The Hanover Street Bridge in South Baltimore will turn 100 years old next year, and city officials are about to begin a two-year study to determine if it needs to be replaced or if they can get more life out of it with repairs.
Baltimore’s Department of Transportation has selected AECOM of Los Angeles, a firm with extensive bridge design expertise, to be the lead consultant for a $1.8 million study to help determine how much longer the bridge can serve as a southern gateway to downtown Baltimore.
The study is starting just as a wave of development is spreading along the Middle Branch of the Patapsco River, which the span crosses. Under active planning is a new headquarters for Under Armour at Port Covington and a mixed-use community in Westport by a development company formed by UA’s CEO, Kevin Plank.
The first Under Armour employees are expected to move into a rebuilt ex-Sam’s Club building at Port Covington early next year.
Officially part of Maryland Route 2, the Hanover Street Bridge replaced Richard Cromwell’s mile-long “Long Bridge” built in 1856 to transport farm products from Anne Arundel County to Baltimore.
Today it is one of the main routes into downtown for drivers coming from Brooklyn, Glen Burnie and other points to the south.
Poor Surface Conditions
For many years, commuters have complained about poor driving conditions on the bridge, from uneven surfaces to potholes to spalling concrete. The city typically spends more than $500,000 a year for maintenance.
At the same time, the bridge is probably the most handsome span in the city, with a series of arches and four central towers framing a drawbridge span.
Designed by the world-renowned Baltimore engineer John E. Greiner in a Beaux Arts style, it was opened in 1916. The bridge is 2,290 feet long and is known as a bascule bridge. That means it has a moveable section that swings upward to let taller vessels pass by underneath.
“It’s a very unique type of bridge,” said Valorie LaCour, chief of transportation planning for DOT. “This study will tell us whether to replace it or rehab or modify it.”
Although the bridge has not been designated a historic landmark, its age and beauty will be taken into consideration, LaCour said.
“We are approaching it as a historic structure,” she said. “We are looking at: What is the appropriate direction to take? It’s one of the most beautiful bridges out there.”
The study will look at a 1.4 mile-stretch of the Hanover Street corridor from Wells Street on the north to Reedbird Avenue in Cherry Hill on the south.
The scope of work includes assessing the physical condition of the bridge and the areas on either end of it, gathering information about bridge usage, completing a traffic impact study and an environmental study, and preparing a final report.
The consultants will also look at recreation, education and development opportunities along the corridor.
Up to $150 Million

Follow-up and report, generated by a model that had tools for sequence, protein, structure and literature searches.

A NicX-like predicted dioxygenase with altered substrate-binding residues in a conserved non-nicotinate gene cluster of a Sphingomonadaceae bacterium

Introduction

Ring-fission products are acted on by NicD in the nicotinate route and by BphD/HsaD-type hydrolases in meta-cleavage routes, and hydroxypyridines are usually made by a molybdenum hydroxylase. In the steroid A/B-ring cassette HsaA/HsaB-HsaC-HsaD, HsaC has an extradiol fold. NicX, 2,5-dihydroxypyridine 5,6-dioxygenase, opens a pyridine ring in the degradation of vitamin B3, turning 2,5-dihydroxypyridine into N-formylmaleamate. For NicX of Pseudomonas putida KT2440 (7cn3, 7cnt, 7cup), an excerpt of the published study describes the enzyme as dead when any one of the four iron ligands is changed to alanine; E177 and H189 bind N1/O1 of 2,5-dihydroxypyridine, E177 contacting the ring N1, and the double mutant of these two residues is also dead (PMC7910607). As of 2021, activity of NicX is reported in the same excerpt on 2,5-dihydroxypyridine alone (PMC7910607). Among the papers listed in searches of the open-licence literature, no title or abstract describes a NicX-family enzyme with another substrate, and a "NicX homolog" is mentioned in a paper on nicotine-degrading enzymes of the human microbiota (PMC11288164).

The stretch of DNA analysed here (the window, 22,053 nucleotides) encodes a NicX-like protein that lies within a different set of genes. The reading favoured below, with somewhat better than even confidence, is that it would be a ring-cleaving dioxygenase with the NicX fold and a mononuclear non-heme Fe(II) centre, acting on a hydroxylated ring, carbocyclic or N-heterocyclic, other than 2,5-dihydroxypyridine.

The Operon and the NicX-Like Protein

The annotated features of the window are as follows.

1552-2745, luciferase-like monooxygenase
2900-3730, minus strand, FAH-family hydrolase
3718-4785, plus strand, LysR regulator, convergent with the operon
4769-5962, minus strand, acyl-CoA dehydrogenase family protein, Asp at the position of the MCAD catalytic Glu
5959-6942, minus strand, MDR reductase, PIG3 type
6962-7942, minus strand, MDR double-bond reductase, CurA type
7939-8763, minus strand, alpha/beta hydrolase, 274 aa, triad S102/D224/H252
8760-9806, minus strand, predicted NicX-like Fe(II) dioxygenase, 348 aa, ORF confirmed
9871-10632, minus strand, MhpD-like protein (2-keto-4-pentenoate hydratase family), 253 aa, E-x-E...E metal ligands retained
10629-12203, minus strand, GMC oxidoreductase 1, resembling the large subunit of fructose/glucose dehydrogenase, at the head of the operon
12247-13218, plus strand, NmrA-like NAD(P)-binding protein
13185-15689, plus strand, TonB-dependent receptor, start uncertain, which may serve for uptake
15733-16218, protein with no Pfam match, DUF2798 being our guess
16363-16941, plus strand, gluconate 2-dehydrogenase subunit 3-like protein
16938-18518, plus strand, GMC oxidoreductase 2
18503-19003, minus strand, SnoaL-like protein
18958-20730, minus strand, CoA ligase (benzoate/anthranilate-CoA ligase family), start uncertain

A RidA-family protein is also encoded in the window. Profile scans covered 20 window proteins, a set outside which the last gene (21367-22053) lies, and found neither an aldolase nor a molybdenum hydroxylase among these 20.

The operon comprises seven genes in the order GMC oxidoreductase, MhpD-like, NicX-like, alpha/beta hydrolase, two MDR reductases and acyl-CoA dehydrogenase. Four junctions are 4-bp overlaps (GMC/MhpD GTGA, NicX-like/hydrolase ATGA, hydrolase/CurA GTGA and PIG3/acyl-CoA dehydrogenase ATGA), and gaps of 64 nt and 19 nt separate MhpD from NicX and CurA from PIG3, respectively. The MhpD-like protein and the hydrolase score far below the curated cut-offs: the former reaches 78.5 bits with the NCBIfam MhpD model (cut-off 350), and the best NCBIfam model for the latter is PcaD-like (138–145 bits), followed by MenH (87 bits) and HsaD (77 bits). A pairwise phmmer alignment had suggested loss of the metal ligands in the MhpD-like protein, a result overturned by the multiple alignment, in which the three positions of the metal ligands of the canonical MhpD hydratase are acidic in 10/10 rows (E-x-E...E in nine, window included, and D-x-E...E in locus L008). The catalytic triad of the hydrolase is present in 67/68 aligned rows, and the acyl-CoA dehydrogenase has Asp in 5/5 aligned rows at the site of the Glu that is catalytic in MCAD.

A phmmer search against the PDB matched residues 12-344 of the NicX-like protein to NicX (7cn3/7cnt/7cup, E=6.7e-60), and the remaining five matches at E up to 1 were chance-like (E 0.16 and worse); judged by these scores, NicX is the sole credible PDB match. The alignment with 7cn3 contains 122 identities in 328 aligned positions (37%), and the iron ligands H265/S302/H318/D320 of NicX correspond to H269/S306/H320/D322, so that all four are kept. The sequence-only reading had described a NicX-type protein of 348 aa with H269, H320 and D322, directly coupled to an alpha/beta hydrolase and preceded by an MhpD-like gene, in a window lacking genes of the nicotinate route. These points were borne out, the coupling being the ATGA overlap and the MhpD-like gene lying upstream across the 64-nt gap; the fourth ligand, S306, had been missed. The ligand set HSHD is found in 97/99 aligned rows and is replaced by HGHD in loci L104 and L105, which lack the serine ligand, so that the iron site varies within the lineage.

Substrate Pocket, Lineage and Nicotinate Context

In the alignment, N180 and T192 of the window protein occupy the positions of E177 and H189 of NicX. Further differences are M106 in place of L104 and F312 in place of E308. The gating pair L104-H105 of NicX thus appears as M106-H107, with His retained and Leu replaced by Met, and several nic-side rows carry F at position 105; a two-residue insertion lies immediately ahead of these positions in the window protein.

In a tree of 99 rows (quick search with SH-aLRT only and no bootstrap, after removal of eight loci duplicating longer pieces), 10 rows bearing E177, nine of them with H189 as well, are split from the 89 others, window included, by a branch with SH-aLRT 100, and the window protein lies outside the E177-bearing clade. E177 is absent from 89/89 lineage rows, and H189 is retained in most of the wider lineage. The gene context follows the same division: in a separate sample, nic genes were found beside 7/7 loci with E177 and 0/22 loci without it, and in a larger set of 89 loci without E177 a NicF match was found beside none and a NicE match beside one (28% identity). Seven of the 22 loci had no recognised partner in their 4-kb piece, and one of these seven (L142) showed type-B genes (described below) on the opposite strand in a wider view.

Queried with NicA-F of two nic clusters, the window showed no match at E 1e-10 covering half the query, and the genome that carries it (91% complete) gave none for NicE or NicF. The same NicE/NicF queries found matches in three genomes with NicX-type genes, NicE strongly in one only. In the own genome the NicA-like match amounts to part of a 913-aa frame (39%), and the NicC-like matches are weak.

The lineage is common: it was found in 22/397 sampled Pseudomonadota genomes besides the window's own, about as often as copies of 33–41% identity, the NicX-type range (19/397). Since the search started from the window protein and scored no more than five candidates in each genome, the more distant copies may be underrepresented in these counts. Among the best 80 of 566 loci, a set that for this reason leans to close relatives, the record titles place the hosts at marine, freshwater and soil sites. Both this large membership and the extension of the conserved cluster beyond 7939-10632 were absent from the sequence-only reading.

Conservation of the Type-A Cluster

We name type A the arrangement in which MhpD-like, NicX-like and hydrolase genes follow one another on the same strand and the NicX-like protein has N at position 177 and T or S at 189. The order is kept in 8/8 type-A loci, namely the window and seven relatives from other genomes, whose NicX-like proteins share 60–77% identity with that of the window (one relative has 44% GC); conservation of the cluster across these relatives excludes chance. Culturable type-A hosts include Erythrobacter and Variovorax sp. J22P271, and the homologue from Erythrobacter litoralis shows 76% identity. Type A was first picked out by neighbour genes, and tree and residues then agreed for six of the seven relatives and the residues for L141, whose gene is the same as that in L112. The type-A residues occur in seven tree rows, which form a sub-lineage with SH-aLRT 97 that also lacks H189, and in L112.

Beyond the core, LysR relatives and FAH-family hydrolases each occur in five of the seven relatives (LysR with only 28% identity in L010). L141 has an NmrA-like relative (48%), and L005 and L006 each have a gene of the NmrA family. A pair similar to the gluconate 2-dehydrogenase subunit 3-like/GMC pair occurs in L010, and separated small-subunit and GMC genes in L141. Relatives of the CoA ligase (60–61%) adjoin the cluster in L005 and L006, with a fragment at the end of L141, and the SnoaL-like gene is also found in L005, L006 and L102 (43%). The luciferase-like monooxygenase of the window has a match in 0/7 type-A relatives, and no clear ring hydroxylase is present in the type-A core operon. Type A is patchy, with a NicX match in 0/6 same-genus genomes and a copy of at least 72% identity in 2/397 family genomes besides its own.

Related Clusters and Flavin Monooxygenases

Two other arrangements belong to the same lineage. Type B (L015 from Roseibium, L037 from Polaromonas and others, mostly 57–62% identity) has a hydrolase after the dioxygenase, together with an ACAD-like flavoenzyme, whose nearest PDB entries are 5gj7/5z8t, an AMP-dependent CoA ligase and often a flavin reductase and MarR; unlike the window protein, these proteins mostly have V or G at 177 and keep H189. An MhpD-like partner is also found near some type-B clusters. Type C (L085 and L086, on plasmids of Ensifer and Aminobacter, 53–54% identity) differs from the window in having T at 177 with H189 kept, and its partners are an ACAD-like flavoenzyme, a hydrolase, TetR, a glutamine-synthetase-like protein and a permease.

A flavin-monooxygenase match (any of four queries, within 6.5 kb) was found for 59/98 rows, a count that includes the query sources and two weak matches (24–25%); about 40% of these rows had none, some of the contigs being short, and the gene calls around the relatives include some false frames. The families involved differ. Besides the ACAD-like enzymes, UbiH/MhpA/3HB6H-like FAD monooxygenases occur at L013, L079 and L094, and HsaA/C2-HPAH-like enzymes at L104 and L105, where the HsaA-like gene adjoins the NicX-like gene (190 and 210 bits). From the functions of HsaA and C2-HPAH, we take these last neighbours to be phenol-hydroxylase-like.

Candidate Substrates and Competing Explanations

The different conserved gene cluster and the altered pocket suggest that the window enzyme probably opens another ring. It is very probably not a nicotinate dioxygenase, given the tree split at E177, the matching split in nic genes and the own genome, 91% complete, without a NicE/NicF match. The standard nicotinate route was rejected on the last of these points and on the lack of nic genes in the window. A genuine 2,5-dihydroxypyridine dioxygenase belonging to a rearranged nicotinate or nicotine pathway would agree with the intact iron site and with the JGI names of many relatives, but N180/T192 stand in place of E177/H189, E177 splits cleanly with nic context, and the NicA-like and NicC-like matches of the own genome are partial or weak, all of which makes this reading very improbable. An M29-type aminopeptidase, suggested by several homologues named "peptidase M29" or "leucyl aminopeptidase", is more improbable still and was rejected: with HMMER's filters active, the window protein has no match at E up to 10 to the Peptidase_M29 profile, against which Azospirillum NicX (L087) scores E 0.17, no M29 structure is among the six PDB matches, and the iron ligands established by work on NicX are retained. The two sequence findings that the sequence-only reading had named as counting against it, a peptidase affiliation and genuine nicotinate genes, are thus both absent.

The cost of a replacement bridge has been estimated at $100 million to $150 million, while repairs could be considerably less.
The Federal Highway Administration has agreed to allocate $1.1 million toward the cost of the study and the city will pay $700,000.
LaCour said the city expects the money to become available after February 15, when the city signs an agreement with the federal government, and work will begin after that.
LaCour said one of the first steps will be community meetings to brief residents and others about the project. If work begins in early 2016, she said, a final report will be due in early 2018.
AECOM’s selection was a key to moving the project forward. LaCour said nine teams bid to work on the study, and the list was narrowed to five and then the preferred candidate.
Many Issues to Address
The consultants will be asked to look at a number of issues specific to the existing bridge and its location. They include:
• Should the existing bridge be preserved and repaired because it has historical and architectural significance?
• Should it be designated a historic landmark or would that complicate matters?
• If the city decides to build a new bridge, what would happen to the existing one?
• How would traffic be handled while construction is underway, either for repairs or replacement?
• What would happen to the drawbridge? Should a replacement bridge be a drawbridge too, or should it be a fixed bridge with more clearance over the water?
• Is the bridge’s current set up of two northbound lanes, two southbound lanes and one in the middle that is reversible sufficient for the future? Are more lanes needed?
• The existing bridge has narrow raised sidewalks that are crumbling in places. How can either the existing bridge or a new bridge be designed to better serve pedestrians and bicyclists?
• Can the bridge spur economic development? Planners say the corridor under study will extend roughly from I-95 on the north to Cherry Hill on the south. How can the land at either end of the bridge be improved or reconfigured to promote revitalization?
• Should the bridge be used to promote Baltimore’s “brand”? Some regions have used bridge projects to create symbols for the area, from tiny Jim Thorpe, Pa., to areas such as Tampa-St. Petersburg, Florida and San Francisco.
LaCour said the scope of this study does not include designing a replacement bridge, if it turns out that is the recommendation. She said that would be a separate contract based on recommendations from this study.
LaCour said she thinks the chance to design an iconic bridge as a gateway to South Baltimore would draw interest from world-class designers.
“We would end up with an iconic bridge,” she stated. “It better be because it will be there for the next 100 years.”